Busy day ahead, I only have time for these recipes from the Mondseer Kochbuch:
117 A courtly light for a prank (schimpff)
Take the herb that is called centanicca and take ants and hop flowers. Add oil to all of it and put it into a lamp (in ainen liehtstain oder in ain lampelen). That way, all who see it will seem as though their neck is long enough to reach the stars and the hewad touches the firmament. And if the light stands so that you can see the light of the stars, it will seem to people that the stars are running against each other, quarreling and fighting.
118 Again another light
Take a green lizard and take the fat out of it. Prepare a wick from it and light this at night. Be sure there is no light in the room except this one. Whoever looks at the light will think the walls are silver.
Recipes like these sometimes show up in culinary rewcipe collections. This kind of ‘natural magic’ was considered entertaining ansd useful knowledge. As to whether these would have any effect – I cannot say. Nor do I know what herb centanicca is. It might be cornflower (Centaurea cyanus) or centaury (Centaurium umbellatum), or indeed deliberately unidentifiable. I doubt that either recipe would have any appreciable effect, but I have not tried either and am not sure I want to.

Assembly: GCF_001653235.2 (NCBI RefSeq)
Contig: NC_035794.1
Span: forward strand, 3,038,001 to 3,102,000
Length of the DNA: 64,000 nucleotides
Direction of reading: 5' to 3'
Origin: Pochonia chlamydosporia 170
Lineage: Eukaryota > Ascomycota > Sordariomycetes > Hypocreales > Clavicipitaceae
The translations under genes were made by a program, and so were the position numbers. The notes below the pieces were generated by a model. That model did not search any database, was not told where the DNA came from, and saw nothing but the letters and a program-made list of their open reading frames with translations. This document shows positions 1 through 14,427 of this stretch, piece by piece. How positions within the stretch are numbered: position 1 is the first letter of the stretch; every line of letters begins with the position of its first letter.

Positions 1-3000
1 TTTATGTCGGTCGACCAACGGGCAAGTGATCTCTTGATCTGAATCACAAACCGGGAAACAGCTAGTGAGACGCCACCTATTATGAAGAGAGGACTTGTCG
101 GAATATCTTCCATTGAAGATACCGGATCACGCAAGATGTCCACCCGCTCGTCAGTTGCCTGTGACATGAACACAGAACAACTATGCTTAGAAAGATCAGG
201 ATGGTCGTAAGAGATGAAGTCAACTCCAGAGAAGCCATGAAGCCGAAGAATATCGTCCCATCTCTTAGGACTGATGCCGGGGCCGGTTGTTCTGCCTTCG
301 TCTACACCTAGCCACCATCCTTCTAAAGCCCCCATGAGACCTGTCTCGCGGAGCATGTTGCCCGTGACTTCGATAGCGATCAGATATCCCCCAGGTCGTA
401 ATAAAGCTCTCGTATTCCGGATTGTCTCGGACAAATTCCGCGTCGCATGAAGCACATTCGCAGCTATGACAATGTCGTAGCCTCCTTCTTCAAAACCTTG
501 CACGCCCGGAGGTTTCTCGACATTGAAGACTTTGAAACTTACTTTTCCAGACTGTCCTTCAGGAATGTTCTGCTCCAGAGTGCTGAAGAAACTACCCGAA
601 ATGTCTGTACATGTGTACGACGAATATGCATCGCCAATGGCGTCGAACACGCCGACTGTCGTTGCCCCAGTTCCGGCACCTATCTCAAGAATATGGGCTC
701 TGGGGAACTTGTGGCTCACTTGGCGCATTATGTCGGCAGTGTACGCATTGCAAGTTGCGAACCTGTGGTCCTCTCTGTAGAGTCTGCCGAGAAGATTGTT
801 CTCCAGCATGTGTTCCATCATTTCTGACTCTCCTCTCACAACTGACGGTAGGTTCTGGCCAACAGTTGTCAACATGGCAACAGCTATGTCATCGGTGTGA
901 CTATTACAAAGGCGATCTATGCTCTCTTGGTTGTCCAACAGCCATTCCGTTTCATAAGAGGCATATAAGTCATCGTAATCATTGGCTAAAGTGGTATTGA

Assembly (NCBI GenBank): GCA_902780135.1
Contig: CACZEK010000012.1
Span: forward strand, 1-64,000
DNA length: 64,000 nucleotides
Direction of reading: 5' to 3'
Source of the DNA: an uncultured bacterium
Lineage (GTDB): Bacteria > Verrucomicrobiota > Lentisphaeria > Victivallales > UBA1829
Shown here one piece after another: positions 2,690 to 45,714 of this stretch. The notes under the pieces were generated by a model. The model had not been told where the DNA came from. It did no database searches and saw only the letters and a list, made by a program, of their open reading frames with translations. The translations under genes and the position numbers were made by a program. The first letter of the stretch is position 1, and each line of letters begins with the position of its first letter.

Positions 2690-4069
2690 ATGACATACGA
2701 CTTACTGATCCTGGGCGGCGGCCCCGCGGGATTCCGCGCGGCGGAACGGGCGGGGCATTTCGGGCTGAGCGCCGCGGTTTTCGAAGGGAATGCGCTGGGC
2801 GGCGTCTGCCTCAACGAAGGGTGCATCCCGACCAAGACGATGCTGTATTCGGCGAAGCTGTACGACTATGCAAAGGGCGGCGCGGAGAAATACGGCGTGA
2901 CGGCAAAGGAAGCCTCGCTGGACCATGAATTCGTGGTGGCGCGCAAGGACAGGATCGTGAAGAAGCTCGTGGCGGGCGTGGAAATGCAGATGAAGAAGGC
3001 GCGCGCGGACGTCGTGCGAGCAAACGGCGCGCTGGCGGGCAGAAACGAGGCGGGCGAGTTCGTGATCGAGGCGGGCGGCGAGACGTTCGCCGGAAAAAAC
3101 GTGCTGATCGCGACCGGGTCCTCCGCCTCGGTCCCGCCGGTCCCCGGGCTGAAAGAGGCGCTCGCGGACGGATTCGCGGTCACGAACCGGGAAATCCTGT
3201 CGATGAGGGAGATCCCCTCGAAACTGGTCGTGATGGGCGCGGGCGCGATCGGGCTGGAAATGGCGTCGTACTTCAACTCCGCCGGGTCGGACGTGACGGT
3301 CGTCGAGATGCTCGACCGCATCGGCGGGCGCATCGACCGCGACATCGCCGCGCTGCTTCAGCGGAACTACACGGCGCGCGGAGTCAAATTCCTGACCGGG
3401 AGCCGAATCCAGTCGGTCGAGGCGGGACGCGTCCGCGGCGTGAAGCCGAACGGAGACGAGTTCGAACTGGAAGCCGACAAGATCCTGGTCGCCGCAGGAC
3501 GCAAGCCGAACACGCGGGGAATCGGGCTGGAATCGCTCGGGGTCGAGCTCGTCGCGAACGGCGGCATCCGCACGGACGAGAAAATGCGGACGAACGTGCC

The Mondseer Kochbuch is a recipe collection bound with a set of manuscript texts on grammar, dietetics, wine, and theology. There is a note inside that part of the book was completed in 1439 and, in a different place, that it was gifted to the abbot of the monastery at Mondsee (Austria). It is not certain whether the manuscript already included the recipes at that point, but it is likely. The entire codex was bound in leather in the second half of the fifteenth century, so at this point the recipe collection must have been part of it. The book was held at the monastery until it passed into the Vienna court library, now the national library of Austria, where it is now Cod 4995.
The collection shows clear parallels with the Buoch von guoter Spise. Many of its recipes are complex and call for expensive ingredients, and some give unusually precise quantities and measurements. It is edited in Doris Aichholzer’s “Wildu machen ayn guet essen…” Drei mittelhochdeutsche Kochbücher: Edition, Übersetzung, Quellenkommentar, Peter Lang, Berne et al. 1999